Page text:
The Best Italian Bakeries in Toronto
The best Italian bakeries in Toronto are usually more than just bakeries. Yes, each boasts racks of fresh ciabatta, focaccia, and other breads and buns, plus ricotta-filled cannoli, almond cookies, and sweets, but the shops don't begin and end with a little flour and yeast. All of the bakeries on this list offer a fully-stocked hot tables, complete with veal sandwiches, pizza slices, hot pasta and more.
And as if that wasn't enough, more, still, make their own gelato (though most, just in the summertime), which accompanies their espresso bars, deli counters, or pantry shelves. And have I mentioned olive bars? These bakeries, in other words, offer the various aspects of Italian eating, emphasizing — most importantly — the principle of abundance
Here is the list of the best Italian bakeries in Toronto.
For those who love bread, the presentation at La Rose in Etobicoke will certainly inspire awe. And wicked carb cravings. For something a little sweeter there's the cannoli, of course, and plenty of almond cookies and sweets to tide you over until you hit the hot table. That's right. Carbs and protein. Glorious. More »
Tre Mari has been in Corso Italia for more than fifty years, operated by the Deleo family and keeping true to original recipes. There are always plenty of fresh parigina, cannoli, and croccante on hand, plus a fully stocked hot table, deli section, and espresso bar. More »
This Scarborough bakery was named for the owner's wife which, I think, I speaks to its authenticity in and of itself. (That and the framed picture of the Pope on the wall.)The Sicilian cannoli made here are some of the best in the GTA. It's a must-grab for Francesca's regulars who stop by for a warm loaf. Gelato in the summer, and a hot table all year round. More »
Named for its street, not rough North York surroundings, Rustic Bakery has a wide assortment of bread that is all baked on location. Around lunchtime, though, it's all about veal on a bun, which is the without-doubt Rustic Bakery hot table favourite. Also the place for an authentic Italian espresso. More »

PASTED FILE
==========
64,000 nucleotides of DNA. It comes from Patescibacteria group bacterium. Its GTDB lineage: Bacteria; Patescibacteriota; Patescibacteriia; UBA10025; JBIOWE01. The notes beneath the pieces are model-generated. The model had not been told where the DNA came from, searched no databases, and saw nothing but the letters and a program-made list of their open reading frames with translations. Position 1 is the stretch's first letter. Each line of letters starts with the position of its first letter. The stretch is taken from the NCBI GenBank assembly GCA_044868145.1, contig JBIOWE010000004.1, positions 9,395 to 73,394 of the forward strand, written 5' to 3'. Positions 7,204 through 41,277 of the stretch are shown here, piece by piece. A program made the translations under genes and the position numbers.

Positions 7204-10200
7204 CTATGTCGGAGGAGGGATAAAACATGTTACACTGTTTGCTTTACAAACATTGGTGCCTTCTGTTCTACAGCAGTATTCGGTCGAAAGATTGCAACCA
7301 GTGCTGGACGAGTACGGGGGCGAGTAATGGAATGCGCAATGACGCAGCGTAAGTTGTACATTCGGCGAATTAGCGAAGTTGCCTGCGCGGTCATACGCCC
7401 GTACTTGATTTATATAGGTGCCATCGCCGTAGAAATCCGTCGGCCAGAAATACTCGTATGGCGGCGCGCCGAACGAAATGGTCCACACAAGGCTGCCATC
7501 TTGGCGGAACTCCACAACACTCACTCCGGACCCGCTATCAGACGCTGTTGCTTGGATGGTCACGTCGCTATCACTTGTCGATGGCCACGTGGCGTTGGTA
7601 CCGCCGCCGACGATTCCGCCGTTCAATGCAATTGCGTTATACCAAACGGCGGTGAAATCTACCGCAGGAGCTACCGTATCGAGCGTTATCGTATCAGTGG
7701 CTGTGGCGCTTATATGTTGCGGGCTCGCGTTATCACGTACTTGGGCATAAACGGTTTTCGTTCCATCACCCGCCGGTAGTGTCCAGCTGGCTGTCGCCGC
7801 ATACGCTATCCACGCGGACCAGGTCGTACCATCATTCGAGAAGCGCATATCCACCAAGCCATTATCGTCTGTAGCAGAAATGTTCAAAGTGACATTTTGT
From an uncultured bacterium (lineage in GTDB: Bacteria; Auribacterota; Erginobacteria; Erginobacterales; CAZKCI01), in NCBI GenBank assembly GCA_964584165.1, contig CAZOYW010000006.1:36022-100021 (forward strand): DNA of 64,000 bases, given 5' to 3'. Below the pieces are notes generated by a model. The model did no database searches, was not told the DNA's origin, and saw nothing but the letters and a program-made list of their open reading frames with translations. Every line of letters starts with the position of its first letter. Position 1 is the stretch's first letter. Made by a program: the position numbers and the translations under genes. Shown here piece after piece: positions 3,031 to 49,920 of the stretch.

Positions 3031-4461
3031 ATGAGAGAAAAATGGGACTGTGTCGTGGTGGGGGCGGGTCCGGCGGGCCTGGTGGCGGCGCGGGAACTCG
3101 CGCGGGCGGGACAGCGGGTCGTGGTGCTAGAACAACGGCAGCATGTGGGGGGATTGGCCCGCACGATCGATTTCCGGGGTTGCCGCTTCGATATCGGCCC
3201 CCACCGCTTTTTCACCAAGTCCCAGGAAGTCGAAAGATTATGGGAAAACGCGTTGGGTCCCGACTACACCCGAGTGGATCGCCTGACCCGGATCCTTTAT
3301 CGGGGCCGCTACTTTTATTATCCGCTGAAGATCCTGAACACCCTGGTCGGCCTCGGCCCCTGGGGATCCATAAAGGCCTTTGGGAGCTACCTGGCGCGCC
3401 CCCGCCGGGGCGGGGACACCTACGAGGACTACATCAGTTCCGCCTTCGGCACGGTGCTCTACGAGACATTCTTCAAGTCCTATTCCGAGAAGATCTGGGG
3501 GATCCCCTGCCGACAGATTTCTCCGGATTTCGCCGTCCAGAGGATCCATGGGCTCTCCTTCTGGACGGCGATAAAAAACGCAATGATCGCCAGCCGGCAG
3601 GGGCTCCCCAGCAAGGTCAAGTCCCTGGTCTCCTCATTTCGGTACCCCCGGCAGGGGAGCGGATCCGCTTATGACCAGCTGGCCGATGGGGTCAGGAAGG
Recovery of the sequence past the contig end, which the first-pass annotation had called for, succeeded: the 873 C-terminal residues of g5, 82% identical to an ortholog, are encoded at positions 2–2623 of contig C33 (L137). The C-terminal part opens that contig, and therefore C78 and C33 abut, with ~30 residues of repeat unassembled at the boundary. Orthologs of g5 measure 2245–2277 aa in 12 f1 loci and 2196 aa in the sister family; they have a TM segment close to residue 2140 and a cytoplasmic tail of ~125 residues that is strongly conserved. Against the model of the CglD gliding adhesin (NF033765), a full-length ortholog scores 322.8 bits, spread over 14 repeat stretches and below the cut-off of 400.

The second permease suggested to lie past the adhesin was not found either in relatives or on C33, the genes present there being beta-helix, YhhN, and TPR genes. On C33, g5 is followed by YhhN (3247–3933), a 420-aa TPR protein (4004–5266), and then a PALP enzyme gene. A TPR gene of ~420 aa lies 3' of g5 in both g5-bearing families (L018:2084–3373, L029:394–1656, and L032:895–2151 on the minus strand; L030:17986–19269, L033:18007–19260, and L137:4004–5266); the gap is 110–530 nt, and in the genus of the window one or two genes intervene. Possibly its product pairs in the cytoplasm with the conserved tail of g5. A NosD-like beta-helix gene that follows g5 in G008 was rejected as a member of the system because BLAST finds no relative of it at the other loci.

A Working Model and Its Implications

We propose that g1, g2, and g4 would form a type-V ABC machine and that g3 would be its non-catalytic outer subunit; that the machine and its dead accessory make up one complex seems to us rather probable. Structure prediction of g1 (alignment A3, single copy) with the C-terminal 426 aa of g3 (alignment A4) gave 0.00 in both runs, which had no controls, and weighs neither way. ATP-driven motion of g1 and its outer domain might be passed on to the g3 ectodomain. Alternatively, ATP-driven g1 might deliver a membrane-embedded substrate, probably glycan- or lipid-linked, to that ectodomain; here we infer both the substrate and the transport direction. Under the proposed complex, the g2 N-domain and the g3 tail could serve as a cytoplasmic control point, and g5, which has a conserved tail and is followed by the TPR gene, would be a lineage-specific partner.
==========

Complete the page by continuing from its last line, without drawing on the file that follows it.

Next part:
San Remo is huge, and it has pretty much everything you'd ever want from an Italian bakery. Lots (understatement) of baked goods, of course, plus whole cakes and pies, a meat and deli counter, a hot table, gelato, espresso, and grocery. And perhaps most importantly, San Remo has plenty of seating since the sight of all that food is sure to make you hungry. More »
Nino D'aversa is known for its bread (which can be found at various outlets throughout the GTA), but like most Italian bakeries, it doesn't stop at a few Vienna calabrese or ciabatta buns. The North York bakery offers two types of cannoli (Siciliani and Sfoglia) among its other pastries, as well as specialty foods, hot items, plus Italian music and magazines. Because a zeppole just isn't as good without a side of gossip. More »
The cannoli, again, is the big draw at this family-run bakery. Still, those who can tear their eyes away from the crunchy ricotta-filled delights will notice that Messina also has a fair spread of almond and shortbread cookies, pies, strudels, and other sweets. Messina's hot table offers pizza, pasta, and sandwiches. More »
Owned by Manuel and Josie Dorio, this bakery has actually made quite a name for itself through its custom-designed wedding cakes. Of course, a little flower garland topper never got in the way of a hearty plate of lasagna, and Dorio's serves it daily from its bakery hot table. If not in the market for a wedding cake, Dorio's offers smaller sweets such as tiramisu, cannoli, and danishes. More »
The vibe at Agincourt Bakery is kind of like that of your nonna's kitchen, with people bustling about and the smell of fresh cooking luring you in. The oversized veal sandwich is what draws in most, but the fresh breads and pastries (plus the great selection of almond cookies) shouldn't be overlooked. More »